Foster and fuel student curiosity

​Teachers are invited to utilise The Conversation's Curious Kids questions and answers as a resource to spark and support student curiosity. They can also submit a class question, with some lucky Grade 5 classes to be given the chance to workshop their curiosity with the news team.​

Explore C​​urious Kids

Kids are naturally curious and, when combined with feeling supported to ask questions and to explore and seek answers, this curiosity helps inspire learning.

With this in mind, Australian news and perspectives website The Conversation encourages inquisitive children to ask the questions they've always wondered about.

Via its hugely popular Curious Kids section, The Conversation will have an expert provide an insightful answer in simple and engaging language. From biology research fellows to associate professors, they will answer the questions of curious kids be they "why do spiders have hairy legs?", "Do sharks sneeze?" or "Is there anything hotter than the sun?"

As a teaching resource, Curious Kids is an entertaining source that brings evidence to life to engage students and encourage a love of learning. Links to these articles and more is via FUSE.

Explore Curious Kids on FUSE
Inspire your students to find answers to their weird and wonderful questions

Submit your stude​nts' curious questions

All students are encouraged to submit their questions to the Curious Kids team, and an expert in the field might publish an answer. Questions can be emailed to curiouskids@theconversation.edu.au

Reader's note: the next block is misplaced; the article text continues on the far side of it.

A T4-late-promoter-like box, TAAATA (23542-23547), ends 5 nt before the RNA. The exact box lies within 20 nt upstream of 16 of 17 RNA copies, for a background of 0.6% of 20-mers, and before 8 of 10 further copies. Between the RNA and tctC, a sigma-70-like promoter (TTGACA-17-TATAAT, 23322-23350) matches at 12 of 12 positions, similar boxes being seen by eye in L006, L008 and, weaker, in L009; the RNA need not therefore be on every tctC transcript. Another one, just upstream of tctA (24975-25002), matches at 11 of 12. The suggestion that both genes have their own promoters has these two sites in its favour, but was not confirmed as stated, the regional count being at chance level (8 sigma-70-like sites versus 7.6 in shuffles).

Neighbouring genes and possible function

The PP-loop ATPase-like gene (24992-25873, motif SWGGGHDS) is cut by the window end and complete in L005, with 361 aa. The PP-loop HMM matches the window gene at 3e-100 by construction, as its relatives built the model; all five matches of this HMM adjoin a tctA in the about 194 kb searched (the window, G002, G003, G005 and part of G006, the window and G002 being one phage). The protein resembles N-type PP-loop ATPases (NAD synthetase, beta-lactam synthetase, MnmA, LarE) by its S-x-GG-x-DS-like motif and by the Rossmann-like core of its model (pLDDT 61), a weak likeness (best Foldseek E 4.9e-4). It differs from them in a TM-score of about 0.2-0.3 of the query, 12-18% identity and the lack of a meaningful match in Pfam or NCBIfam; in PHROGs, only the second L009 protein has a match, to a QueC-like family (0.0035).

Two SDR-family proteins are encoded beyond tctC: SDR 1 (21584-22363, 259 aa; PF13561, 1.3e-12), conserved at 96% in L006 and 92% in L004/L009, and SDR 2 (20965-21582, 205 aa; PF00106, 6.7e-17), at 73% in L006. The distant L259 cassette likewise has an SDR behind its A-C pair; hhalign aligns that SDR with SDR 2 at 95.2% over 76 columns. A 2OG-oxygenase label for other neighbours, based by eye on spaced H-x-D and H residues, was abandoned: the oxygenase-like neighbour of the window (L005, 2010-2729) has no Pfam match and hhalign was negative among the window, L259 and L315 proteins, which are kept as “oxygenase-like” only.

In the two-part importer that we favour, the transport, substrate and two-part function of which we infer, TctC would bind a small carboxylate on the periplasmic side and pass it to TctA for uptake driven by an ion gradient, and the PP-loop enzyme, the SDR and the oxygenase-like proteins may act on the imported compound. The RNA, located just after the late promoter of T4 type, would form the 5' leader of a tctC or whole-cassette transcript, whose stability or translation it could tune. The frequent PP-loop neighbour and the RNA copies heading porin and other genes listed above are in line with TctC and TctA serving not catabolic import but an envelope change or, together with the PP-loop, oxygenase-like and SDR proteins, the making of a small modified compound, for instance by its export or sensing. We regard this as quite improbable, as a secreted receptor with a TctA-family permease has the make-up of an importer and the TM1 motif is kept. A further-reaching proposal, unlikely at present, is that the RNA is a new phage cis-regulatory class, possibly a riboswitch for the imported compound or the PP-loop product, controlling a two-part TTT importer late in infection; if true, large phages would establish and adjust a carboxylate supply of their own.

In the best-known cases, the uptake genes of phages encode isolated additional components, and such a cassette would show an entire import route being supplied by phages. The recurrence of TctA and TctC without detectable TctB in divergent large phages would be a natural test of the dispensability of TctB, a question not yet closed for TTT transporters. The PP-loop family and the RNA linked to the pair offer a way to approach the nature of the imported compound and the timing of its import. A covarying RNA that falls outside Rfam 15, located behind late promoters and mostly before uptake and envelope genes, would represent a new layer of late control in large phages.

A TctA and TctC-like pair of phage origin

You can even submit your own class question. No question is too serious or too silly for Curious Kids.

While not all questions can be answered, you can keep an eye on whether yours has by subscribing to The Conversation's daily news

Curious Kids wor​​kshops

Victorian Government Grade 5 teachers are encouraged to submit their class' best science-related question (think nature, outer space or the human body) to digital.learning@edumail.vic.gov.au by 15 February for the chance to participate in a live Curious Kids workshop at your school.

Selected classes will be visited by Curious Kids Editor Sunanda Creagh and an academic expert, on Monday 18 or Tuesday 19 March.

The expert will share their insights with students, explaining how they found the answer to the questions they received. Sunanda will share with students an entertaining conversation about journalism and following your curiosity.

The Digital Learning team will forward all submissions to Curious Kids for possible future investigation.

The Conversation as a learning and teaching tool

The Conversation features articles written by academics with deep subject expertise that are evidence-based and/or informed by insight or experience.

As a strategic partner of The Conversation, the Victorian Department of Education provides Victorian Curriculum-mapped access to the site's content. Teachers can even pitch their own story ideas at The Conversation for teachers